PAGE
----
AUTHORS: David M. Ozog, M.D.1; Austin Liu, M.D.1; Marsha L. Chaffins, M.D.2; Adrian H. Ormsby, M.D.2; Edgar F. Fincher, M.D., Ph.D4; Lisa K. Chipps, M.D.4; Qing- Sheng Mi, M.D., Ph.D3; Peter H. Grossman, M.D.5; John C. Pui, M.D.6; Ronald L. Moy, M.D.4

RESEARCH SITES: Department of Derma­tology1, Department of Dermatology and Pa­thology2, and Derma­tology Research and Immunology3, Henry Ford Hospital, Detroit, Michigan; Moy-Fincher Medical Group, Los Angeles,California4; Grossman Burn Cen­ters, Sherman Oaks, California5; and Hilbrich Labs, Garden City, Michigan6.

PUBLICATION: JAMA Dermatol. 2013 Jan;149(1):50-7

YEAR: 2013

OBJECTIVE: To assess mature burn scars treated with a fractional carbon dioxide laser for changes in histological architecture, type I to III collagen ratios, density of elastic tissue, and subjective measures of clinical improvements.

DESIGN: Uncontrolled, prospective study of patients with mature burn scars, from a clinical and histological perspective. Biopsy specimens were obtained before and 2 months after 3 treatment sessions. The tissue was prepared with Verhoff von Giesen (VVG) stain to discern elastic tissue and Herovici stain to differentiate types I and III collagen.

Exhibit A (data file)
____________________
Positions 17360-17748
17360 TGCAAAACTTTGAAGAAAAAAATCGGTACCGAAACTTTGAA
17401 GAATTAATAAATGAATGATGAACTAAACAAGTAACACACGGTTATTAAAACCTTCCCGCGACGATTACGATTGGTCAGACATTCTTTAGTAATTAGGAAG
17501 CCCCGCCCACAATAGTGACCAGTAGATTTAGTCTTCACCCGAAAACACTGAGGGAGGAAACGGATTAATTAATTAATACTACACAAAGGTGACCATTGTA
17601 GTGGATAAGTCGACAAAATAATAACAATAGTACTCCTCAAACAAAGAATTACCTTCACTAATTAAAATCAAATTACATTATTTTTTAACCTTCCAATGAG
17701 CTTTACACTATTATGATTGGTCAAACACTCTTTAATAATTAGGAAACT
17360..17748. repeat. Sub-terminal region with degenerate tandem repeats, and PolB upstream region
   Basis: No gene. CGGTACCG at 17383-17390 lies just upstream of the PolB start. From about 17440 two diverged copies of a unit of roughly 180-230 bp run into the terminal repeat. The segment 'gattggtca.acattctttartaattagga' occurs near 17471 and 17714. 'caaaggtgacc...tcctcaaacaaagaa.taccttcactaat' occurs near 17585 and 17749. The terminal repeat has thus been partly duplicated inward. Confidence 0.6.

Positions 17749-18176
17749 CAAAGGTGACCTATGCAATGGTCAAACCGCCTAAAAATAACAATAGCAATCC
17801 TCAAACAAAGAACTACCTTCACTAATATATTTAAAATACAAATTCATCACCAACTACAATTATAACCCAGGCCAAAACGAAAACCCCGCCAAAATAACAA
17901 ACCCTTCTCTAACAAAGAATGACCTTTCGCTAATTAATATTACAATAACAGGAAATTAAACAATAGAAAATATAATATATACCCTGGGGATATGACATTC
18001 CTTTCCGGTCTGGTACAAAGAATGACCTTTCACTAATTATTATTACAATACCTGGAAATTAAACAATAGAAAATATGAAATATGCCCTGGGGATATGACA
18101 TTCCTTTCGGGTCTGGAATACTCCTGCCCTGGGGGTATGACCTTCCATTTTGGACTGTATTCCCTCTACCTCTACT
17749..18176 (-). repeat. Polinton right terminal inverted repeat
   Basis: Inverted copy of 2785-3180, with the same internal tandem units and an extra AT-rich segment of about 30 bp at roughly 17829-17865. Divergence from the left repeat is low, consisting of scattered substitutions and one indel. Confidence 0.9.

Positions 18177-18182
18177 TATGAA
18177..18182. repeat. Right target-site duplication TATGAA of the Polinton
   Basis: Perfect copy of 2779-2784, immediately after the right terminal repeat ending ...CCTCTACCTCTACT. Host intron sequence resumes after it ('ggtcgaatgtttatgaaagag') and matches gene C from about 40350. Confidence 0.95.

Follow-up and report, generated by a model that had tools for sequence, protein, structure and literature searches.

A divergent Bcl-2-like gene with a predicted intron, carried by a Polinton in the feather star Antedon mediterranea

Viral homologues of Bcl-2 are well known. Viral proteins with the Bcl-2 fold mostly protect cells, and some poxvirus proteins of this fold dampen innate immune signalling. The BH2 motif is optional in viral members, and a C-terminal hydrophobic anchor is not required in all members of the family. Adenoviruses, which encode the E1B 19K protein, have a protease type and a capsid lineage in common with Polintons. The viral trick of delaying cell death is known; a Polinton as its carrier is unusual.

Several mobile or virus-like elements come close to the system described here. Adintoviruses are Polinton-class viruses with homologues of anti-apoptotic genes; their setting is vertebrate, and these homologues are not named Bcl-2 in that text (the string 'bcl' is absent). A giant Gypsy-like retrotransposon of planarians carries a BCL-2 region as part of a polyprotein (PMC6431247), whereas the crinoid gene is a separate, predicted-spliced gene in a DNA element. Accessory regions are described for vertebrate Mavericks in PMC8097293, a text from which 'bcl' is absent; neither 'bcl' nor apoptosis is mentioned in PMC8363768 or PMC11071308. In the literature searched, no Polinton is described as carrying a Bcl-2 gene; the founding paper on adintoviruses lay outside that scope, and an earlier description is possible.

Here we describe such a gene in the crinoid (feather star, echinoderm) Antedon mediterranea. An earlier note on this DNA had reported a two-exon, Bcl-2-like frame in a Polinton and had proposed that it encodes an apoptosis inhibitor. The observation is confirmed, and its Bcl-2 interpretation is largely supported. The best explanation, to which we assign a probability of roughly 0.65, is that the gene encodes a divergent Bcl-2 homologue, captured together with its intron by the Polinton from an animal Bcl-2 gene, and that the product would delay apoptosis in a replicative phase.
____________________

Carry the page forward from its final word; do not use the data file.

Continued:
SETTING: Subjects were recruited from the Grossman Burn Centers. PARTICIPANTS: Of 18 patients with mature burn scars, 10 completed the entire treatment protocol. Intervention: Participants received 3 treatments with a fractional carbon dioxide laser.

MAIN OUTCOME MEASURES: Vancouver Scar Scale and Patient and Observer Scar Assessment Scale survey scores. In histological analysis, imaging software was used to measure changes in collagen subtype and elastic tissue. A rating scale was developed to assess normal vs scar architecture.

RESULTS: The first hypothesis that significant histological improvement would occur and the second hypothesis of a statistically significant increase in type III collagen expression or a decrease in type I collagen expression were confirmed. There were no significant changes in elastic tissue. Statistically significant improvements were seen in all survey data.

CONCLUSIONS: Treatment with a fractional carbon dioxide laser improved the appearance of mature burn scars and resulted in a significant improvement in collagen architecture following treatment. Furthermore, in treated skin specimens, a collagen subtype (types I and III collagen) profile resembling that of nonwounded skin was found.